X-Men: Dark Phoenix

By Andrew McManus - Contributing Columnist

Directed by Simon Kinberg

Starring: James McAvoy, Michael Fassbender, Jennifer Lawrence, Sophie Turner, Jessica Chastain

Runtime: 114 minutes

I went into this week with low expectations. It’s impossible in today’s world to not hear anything about the new movies out, especially “blockbusters”. I’d heard leading up to Dark Phoenix that it wasn’t any good. That it was the worst in the series. Arriving at the theater I made some small talk with one of the employees named JeVon. He made a comment about the film that helped me enjoy it. JeVon said, “If you look at the movie just from beginning to end by itself, you’ll enjoy it.” He was right. Shout out to JeVon and give that man a raise! He’s a Rockstar. This would be the twelve film in the X-Men series, counting the Deadpool films and Logan. Disney has recently acquired the rights to X-Men so it seems this will be the finale addition to these versions of the mutants we’ve learned to both love and hate.

On to the film

We open with a voice-over from Jean Grey (Turner) She asks the question that will encompass the entire film. “Who are we?” This would be a running theme. We see mutants who are normally good make terrible, evil decisions and vice versa. We cut to 1975. A young version of Jean Grey, maybe 6 or 7 years old is sitting in the back seat while her family is driving. Bad things happen which it appears were caused by Jean. I’ll give the film credit here. It was nice to see some backstory on this character which hasn’t really been touched on before and let the audience know this was HER story. Jean meets Professor Xavier (McAvoy) and our journey truly begins.

We move onto 1992. For once in an X-Men film, the mutants are loved. How long would that last is the question? We are brought up to speed that a space shuttle has been damaged by solar flares and the X-Men are sent up to save the astronauts. Once in space I immediately took notice of the CGI. It looked fantastic. Obviously, it was computer generated but you would swear they filmed it in orbit.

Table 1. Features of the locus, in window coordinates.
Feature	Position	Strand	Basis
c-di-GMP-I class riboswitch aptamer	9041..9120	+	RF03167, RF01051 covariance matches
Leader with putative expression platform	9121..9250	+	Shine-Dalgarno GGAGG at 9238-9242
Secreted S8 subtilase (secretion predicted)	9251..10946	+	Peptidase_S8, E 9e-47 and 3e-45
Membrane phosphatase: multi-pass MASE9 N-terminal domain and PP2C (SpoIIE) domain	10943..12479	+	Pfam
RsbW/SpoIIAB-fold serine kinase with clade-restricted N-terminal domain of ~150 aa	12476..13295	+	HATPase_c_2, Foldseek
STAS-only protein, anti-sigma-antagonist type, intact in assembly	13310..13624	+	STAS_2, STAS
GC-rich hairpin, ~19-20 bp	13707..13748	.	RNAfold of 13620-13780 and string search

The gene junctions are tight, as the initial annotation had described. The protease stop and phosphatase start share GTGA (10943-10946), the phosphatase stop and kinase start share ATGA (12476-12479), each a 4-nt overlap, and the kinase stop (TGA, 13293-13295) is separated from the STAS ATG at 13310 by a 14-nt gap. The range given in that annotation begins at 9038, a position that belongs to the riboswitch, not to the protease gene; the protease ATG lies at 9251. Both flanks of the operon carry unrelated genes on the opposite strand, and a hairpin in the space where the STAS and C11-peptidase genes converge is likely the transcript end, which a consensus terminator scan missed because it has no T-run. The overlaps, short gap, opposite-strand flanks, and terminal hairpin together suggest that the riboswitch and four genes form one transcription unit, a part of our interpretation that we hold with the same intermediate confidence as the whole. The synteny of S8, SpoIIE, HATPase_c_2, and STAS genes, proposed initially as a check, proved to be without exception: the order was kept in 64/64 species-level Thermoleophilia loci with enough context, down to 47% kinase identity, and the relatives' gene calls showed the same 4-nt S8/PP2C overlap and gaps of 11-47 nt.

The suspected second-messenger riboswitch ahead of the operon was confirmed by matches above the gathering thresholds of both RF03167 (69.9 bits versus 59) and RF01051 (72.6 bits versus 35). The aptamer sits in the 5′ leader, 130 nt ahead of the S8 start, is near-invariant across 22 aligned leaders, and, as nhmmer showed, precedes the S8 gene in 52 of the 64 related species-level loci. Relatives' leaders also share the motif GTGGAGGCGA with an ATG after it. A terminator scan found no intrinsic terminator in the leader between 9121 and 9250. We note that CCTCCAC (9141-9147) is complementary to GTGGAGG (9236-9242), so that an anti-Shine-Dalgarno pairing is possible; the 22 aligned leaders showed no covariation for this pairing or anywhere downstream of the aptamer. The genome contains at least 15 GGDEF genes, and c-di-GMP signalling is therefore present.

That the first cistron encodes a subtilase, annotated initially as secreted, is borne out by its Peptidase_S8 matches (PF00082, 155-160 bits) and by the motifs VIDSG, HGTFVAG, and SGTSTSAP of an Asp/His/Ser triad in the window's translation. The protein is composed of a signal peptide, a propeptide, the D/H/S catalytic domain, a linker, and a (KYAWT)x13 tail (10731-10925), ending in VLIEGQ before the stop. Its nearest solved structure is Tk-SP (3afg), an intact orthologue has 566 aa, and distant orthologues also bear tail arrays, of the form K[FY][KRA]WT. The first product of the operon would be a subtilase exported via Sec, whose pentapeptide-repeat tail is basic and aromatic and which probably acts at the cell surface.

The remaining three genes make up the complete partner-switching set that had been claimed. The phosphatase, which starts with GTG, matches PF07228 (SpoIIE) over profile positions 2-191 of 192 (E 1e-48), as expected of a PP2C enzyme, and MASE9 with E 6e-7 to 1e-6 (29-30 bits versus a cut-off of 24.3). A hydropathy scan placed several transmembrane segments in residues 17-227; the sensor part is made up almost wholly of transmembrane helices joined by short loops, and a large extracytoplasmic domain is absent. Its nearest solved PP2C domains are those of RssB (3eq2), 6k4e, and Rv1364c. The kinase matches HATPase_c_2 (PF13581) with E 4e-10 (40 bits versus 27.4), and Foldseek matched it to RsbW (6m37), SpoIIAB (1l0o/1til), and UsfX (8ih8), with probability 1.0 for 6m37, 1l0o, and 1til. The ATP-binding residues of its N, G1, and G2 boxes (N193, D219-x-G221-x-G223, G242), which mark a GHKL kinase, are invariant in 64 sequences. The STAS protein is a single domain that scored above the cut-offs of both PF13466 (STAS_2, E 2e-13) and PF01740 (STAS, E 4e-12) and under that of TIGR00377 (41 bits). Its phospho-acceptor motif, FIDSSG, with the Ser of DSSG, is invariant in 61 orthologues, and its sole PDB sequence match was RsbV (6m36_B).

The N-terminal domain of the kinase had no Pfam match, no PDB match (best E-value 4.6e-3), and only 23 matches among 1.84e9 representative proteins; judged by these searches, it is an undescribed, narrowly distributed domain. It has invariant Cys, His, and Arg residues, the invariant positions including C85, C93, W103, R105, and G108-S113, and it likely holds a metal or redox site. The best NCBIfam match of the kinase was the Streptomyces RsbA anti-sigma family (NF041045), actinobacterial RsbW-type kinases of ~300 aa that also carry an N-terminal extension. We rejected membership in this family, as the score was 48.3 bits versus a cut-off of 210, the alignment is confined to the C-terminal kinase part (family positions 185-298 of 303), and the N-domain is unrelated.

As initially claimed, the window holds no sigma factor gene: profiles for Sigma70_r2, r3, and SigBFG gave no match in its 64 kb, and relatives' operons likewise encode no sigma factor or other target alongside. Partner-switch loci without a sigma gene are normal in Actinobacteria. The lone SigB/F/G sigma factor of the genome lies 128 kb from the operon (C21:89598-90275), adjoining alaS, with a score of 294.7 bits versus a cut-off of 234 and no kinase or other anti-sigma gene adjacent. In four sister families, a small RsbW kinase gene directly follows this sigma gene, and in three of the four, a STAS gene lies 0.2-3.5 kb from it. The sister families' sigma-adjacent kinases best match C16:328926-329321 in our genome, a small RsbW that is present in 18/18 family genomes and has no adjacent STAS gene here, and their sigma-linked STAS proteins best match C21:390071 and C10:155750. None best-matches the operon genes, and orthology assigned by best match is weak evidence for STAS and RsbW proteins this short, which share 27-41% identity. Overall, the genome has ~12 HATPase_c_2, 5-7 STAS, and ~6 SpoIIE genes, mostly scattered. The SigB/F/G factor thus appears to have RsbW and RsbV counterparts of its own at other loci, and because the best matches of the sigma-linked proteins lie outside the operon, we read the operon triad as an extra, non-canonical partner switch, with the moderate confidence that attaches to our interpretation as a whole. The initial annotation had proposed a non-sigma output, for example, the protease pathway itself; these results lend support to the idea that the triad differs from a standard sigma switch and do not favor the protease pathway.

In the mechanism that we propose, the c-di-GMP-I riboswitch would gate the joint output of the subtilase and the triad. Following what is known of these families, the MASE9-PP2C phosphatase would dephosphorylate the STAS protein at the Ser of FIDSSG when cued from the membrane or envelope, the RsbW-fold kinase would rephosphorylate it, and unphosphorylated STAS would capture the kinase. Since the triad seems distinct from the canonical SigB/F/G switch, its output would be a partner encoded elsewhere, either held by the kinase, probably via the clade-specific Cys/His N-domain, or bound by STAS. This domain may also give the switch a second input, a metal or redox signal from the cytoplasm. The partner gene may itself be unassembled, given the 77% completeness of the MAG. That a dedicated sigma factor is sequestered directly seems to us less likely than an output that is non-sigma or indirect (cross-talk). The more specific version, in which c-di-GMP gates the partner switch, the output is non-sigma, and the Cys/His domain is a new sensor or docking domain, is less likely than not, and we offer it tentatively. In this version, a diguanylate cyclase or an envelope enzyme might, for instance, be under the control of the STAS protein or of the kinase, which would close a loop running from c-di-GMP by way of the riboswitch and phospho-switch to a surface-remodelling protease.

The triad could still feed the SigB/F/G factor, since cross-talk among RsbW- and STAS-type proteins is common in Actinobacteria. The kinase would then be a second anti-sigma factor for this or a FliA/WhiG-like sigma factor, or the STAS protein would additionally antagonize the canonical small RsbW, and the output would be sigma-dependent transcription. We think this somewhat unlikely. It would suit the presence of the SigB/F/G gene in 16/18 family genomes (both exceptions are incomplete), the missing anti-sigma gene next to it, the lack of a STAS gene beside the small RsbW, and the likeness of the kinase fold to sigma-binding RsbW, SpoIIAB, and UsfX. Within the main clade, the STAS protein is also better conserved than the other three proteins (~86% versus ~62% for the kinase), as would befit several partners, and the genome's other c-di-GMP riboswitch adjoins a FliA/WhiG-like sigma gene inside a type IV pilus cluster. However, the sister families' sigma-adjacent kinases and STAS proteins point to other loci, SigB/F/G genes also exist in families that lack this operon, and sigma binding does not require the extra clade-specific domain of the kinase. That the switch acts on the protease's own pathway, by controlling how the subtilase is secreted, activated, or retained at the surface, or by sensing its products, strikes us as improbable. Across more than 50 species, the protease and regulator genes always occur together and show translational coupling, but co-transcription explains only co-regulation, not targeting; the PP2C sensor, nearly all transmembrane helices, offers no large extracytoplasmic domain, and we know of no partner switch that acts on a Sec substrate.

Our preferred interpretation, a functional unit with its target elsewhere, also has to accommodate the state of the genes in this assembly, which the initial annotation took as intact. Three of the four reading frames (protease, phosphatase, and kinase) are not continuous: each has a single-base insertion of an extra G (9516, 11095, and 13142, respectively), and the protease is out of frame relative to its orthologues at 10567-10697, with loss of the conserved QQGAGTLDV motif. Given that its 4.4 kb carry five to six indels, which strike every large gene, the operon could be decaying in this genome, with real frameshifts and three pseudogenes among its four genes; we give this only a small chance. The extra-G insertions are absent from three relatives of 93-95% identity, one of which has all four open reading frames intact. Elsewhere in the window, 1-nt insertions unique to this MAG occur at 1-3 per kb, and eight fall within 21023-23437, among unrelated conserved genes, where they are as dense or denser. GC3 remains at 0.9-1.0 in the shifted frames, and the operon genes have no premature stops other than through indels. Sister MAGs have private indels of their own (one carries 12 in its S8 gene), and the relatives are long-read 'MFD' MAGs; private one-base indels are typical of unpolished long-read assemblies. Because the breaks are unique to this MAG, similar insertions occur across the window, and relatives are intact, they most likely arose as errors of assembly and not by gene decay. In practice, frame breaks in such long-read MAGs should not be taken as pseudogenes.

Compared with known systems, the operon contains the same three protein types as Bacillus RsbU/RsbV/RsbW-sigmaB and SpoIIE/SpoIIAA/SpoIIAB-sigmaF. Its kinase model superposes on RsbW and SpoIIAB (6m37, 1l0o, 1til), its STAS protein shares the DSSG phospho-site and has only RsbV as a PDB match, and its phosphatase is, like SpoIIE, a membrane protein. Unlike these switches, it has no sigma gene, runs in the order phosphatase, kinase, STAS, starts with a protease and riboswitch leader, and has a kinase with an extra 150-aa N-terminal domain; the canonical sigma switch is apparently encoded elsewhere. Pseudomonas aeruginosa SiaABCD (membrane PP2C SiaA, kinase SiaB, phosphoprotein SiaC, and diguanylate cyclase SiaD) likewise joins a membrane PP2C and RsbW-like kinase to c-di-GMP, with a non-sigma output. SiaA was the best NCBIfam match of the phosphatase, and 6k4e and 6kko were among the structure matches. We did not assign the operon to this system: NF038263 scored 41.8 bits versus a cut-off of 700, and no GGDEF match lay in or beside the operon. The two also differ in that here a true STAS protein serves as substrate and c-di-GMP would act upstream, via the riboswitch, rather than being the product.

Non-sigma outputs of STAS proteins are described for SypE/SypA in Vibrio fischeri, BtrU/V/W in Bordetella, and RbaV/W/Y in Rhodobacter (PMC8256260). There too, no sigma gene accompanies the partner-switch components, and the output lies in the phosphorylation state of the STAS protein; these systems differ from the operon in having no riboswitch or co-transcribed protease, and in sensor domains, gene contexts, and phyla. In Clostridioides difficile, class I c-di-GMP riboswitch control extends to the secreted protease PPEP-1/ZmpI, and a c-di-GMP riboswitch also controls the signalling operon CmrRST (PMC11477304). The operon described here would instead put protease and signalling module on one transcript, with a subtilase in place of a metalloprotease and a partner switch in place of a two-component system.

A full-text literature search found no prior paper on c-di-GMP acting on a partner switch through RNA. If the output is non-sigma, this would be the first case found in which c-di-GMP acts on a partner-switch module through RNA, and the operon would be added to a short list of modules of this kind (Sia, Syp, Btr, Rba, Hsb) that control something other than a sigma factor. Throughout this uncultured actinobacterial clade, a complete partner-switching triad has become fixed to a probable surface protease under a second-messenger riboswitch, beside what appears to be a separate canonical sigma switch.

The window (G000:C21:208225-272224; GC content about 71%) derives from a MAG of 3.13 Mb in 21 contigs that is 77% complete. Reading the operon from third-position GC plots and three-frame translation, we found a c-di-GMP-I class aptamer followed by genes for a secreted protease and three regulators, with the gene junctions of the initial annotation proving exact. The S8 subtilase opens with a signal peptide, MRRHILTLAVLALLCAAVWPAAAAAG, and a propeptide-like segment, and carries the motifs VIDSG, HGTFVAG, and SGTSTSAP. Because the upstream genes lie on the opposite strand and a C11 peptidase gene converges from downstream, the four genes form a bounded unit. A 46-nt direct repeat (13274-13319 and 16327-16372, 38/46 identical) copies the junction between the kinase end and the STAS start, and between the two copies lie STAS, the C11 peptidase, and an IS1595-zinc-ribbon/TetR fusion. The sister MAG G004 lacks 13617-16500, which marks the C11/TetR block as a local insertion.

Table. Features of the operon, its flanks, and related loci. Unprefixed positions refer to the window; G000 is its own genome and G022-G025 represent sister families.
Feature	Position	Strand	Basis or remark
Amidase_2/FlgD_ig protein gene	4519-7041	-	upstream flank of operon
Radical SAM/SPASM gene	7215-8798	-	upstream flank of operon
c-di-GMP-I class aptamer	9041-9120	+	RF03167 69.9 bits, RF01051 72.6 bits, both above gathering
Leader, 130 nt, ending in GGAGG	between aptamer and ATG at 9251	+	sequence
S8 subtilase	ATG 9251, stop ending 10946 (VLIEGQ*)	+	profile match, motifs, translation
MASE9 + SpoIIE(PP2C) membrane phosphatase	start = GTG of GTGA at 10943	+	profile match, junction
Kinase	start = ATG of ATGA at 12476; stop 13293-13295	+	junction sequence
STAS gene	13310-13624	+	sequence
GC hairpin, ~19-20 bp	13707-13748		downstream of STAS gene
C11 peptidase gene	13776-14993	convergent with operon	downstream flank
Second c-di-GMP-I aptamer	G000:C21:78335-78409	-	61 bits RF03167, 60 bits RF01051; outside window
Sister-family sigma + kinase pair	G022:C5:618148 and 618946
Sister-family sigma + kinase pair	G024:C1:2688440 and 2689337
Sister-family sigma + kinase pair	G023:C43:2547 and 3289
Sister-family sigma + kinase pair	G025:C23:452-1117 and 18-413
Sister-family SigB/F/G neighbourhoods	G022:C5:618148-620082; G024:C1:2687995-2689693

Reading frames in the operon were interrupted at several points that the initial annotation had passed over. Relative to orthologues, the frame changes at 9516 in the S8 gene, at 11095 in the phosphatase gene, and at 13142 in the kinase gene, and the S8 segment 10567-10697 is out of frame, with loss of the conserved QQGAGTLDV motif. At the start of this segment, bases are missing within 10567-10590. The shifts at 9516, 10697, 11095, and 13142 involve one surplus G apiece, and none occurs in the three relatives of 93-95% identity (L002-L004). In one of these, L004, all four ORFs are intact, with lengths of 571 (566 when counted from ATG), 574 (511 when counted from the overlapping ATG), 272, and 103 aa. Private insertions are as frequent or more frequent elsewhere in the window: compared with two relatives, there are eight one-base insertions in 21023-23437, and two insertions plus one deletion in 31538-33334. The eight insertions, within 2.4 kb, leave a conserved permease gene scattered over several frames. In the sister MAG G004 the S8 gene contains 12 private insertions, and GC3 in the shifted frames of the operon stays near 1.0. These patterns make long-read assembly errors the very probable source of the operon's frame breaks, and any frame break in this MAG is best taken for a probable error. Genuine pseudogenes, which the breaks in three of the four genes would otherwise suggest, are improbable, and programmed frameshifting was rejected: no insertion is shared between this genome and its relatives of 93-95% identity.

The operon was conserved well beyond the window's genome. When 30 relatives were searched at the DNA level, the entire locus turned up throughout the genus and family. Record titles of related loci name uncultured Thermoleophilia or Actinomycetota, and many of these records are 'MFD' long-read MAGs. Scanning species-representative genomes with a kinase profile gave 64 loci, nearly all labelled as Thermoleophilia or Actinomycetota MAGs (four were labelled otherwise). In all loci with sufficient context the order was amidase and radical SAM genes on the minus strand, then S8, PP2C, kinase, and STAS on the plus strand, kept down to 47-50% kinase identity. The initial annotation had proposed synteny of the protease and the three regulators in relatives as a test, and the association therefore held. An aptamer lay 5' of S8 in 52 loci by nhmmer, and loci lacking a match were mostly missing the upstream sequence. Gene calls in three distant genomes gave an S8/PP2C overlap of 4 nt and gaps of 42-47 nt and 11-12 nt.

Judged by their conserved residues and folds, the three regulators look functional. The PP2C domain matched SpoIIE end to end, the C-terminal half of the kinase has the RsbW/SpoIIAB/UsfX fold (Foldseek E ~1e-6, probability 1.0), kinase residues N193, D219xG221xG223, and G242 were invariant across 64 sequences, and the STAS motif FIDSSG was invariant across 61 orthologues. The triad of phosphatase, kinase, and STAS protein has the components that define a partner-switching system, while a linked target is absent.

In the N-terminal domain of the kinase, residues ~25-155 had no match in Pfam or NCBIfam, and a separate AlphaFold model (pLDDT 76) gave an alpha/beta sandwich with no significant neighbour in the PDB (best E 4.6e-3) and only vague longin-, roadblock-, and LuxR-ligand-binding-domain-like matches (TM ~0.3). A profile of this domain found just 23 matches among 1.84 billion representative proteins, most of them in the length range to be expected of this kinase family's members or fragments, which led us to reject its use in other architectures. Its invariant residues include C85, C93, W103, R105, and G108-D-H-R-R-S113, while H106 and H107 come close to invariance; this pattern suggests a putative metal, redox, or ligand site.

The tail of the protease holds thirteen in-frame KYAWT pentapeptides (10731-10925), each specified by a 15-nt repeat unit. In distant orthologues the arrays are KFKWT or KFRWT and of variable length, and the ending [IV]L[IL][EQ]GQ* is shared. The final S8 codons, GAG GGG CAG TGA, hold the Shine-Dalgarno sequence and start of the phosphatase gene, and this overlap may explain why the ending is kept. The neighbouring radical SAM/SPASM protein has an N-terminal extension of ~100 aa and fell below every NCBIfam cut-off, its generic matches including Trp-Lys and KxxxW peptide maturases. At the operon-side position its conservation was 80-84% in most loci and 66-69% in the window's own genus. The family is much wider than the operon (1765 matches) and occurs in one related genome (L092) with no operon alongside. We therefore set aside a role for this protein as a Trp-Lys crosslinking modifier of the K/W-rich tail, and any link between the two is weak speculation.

Ok Dark Phoenix. So far so good. The acting and dialogue were great. Xavier (McAvoy) and Mystique (Lawrence) have a nice back and forth and their chemistry comes off naturally and seasoned. (Maybe a compliment to both being good actors) We are given a great action set piece in space where all the X-Men are needed in some way to complete the rescue. The film excelled here turning the attention to the team.

Then the breaks started to come off.

We meet the “big bad” of this film – Vuk (Chastain) I’ve written in many of my reviews how great films show characters with layers. Nothing is truly black or white. Not in this film. Vuk comes off generic and flat. Oh, and that great CGI, maybe they had two separate teams because Vuk’s minions looked fake. Very distracting. We then see where this film is going, how/why will Jean Grey become the Dark Phoenix?

I won’t spoil what happens next, but I will say that there is a shocking death. If you’re an X-Men fan go to see what plays out because I was surprised by this and intrigued of what’s to come. Eventually we meet Magneto (Fassbender) who’s no longer fighting (Seems like every film he needs to be convinced to come back.) Fassbender, like McAvoy and Lawrence, killed it. I don’t want to rain on the young actors too much but these three carry the film. We are then given some backstory on Magneto to help the viewer who hasn’t seen the previous films. It hit me here that not everyone was given a backstory. (Mainly just Jean and Magneto) I know we’ve had previous films but it’s nice to a new fan to be able to come in without seeing the others and not feel completely lost. The film could have done better here.

We have the whole gang, maybe the film would pick back up from the shaking ground we were on. NOPE. I felt that there were two films here unfortunately. We had moments of cohesion with the X-Men and even nice scenes with X-Men fighting X-Men but for every great moment was a poor one. The conversations were either convincing and deep, or melodramatic and cheesy. Same with the action scenes. Either heart-racing or laughable. Originally, I had the film standing with 3 stars. I had to knock it down to 2 because of two EXTREMELY cheesy moments right before the credits roll. JeVon was right. It was a good film watching it by itself. It just wasn’t great. Give it a shot if you’re a fan of the series or go see Godzilla if you haven’t already. 2 stars out of 5 #SHOPLOCA


By Andrew McManus

Contributing Columnist

Andrew McManus is Operations Manager for Patties & Pints and its parent company Eflow Development.He can be reached at [email protected] or 740-981-9158

Andrew McManus is Operations Manager for Patties & Pints and its parent company Eflow Development.He can be reached at [email protected] or 740-981-9158